ID: Is this similar to your philosophy when designing furniture?

NR: I change my mind often. I’m still discovering myself, so sometimes I like the straight lines and hard angles, and sometimes I go to rounds. I’m still not sure if I want to continue with round shapes. For now, I like to work with organic shapes, but I don’t know if maybe later on I will discover something else that I like more.

I don’t like it when they say that an artist should be always like the same thing—to have to continue on this one path. I don’t think so. I think art is found in evolution, so I need to experiment with many forms. I don’t want to stop myself by sticking to this or that design – I feel that I’m always discovering.

a yellow stoneware piece by Nadine Roufael
Yellow, ca. 2022. Photography by Maria Abou Rahal.

ID: You’ve mentioned your husband a few times, do you often collaborate? 

NR: In my family, we are all artistic in some way. My son is a filmmaker. Sometimes I ask him for his opinion about something—or my husband. We do collaborate on furniture design, and sometimes also he gives me his opinion on colors, forms, whether he likes the structure or not.

ID: Do you work with anyone else when you are creating these pieces?

NR: I do everything by myself, independently. My work is all my own from A to Z. It’s amazing. I do a lot of experimentation with colors, playing with the material. I use many different kinds of clay. Sometimes, I imagine some forms that are really difficult to execute in reality, but I enjoy the challenge of it. I’ll keep working on the same form until I can get it to do what I want.

It’s quite funny actually. Where I live, so many people pass me by in my day and ask me about the clay and so on, so I started offering workshops for a few ladies. After this, I received a lot more requests! Many ladies want to try it and learn how they can make their own ceramics. Now, every week, I have four classes. For them, it’s therapy. Some people go to a spa. Some people like to travel. They—and I—like to work with the clay. This is a need in every person, no matter where they come from or what their situation is.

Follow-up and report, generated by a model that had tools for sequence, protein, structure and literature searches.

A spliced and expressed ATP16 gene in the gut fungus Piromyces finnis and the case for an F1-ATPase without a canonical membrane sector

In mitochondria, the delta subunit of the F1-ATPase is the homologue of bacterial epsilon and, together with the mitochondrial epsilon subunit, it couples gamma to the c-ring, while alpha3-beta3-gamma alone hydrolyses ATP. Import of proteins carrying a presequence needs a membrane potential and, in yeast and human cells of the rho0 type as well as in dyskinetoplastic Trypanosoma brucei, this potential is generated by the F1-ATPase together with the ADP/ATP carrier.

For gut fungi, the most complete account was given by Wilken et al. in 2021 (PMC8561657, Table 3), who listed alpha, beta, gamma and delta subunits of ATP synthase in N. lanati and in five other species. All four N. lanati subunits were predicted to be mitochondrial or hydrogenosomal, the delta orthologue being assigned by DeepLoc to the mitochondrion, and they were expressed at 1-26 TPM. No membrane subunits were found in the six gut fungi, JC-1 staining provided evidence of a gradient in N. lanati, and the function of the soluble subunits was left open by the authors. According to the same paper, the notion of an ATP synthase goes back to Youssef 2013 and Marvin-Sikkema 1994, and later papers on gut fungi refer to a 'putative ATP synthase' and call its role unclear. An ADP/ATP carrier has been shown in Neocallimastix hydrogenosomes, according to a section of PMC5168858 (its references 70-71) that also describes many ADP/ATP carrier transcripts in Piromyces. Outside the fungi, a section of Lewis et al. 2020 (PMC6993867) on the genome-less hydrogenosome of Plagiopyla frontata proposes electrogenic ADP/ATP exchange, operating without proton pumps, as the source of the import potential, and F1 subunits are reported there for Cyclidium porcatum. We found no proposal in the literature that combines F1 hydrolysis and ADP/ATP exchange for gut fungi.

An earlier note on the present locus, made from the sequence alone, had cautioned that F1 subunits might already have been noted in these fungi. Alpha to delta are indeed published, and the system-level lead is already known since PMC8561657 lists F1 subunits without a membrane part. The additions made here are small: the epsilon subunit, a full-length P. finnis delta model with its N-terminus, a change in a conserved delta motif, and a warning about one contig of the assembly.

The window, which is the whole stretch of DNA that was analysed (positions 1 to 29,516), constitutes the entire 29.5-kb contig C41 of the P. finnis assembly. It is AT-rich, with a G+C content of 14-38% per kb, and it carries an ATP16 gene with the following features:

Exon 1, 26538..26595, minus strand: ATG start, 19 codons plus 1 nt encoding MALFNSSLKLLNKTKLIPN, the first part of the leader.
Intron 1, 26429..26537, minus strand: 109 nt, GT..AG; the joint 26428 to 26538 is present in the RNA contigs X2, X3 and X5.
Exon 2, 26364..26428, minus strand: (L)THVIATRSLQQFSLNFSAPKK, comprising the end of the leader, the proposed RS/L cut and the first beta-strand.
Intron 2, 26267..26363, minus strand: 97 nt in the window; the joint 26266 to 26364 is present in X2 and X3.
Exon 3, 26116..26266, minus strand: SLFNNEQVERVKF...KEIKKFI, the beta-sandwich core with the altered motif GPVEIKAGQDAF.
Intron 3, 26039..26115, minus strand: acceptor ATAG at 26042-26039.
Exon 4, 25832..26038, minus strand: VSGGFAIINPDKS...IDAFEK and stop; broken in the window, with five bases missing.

an orange and blue stoneware piece by Nadine Roufael
Orange, ca. 2022. Photography by Maria Abou Rahal.
a blue stoneware piece by Nadine Roufael
Blue, ca. 2022. Photography by Maria Abou Rahal.

ID: How did you learn the ceramics craft then?

NR: You can find many people that love working with ceramics now, but very few who teach. I taught myself a lot of things. I did it all through online courses and a lot of workshops, both in Lebanon and outside. I am very curious. A lot of it, like the glazing technique, is just chemistry when you really break it down. It’s all very interesting.

At the same time though, you need to create your own kind of signature glazes and colours, to define your own work and to be different from the others. I’ve always thought that I’d like to leave something that my boys—when they are grown up and I leave this life—will be able to say: ‘this is a piece of art from my mum.’ This is what I focus on, all the time.

ID: Would you encourage other creatives to try new mediums? 

NR: Yes! I feel that some artists start to lose their creativity because they are doing same things. When you work with art galleries, they oblige you to always create your work along the same lines, so they are just repeating themselves. I don’t want to work like that. I believe that every artist should try to do sometimes different with each collection—a new material, or new colors. They will open the door for so many new inspirations.

ID: What does the future hold for you and your sculptures?

NR: I want to gain more experience and experiment more with colors and forms. You can never stop trying new things. I started in the Middle East and now I’ve just had my first exhibition in Europe, so I would like to go further and find more exposure in Europe and also in the U.S.

My next project, I think, is to collaborate with more artists from Europe. I like the cooperation and the teamwork. It’s really valuable to have the chance to learn different ways to work from different artists. In my first exhibition, people in Dubai told me that—while they liked the pieces—I should have used more colors. In Brussels, I felt that people preferred the natural color of the materials. When you feel that people want something different, you try to change your art because, if you want to be well known worldwide, you need to try many things, but you don’t know what people will like. Some people like color, while others prefer black. You do the revolution for yourself. Sometimes, you feel that you have to create something different. Maybe, for my new collection, I will do a fusion of natural stone with something colorful.

Nadine Roufael's ceramic works on display in a pink gallery
Roufael’s works on display at the Art of Living. Photography by Sebastian Bottcher.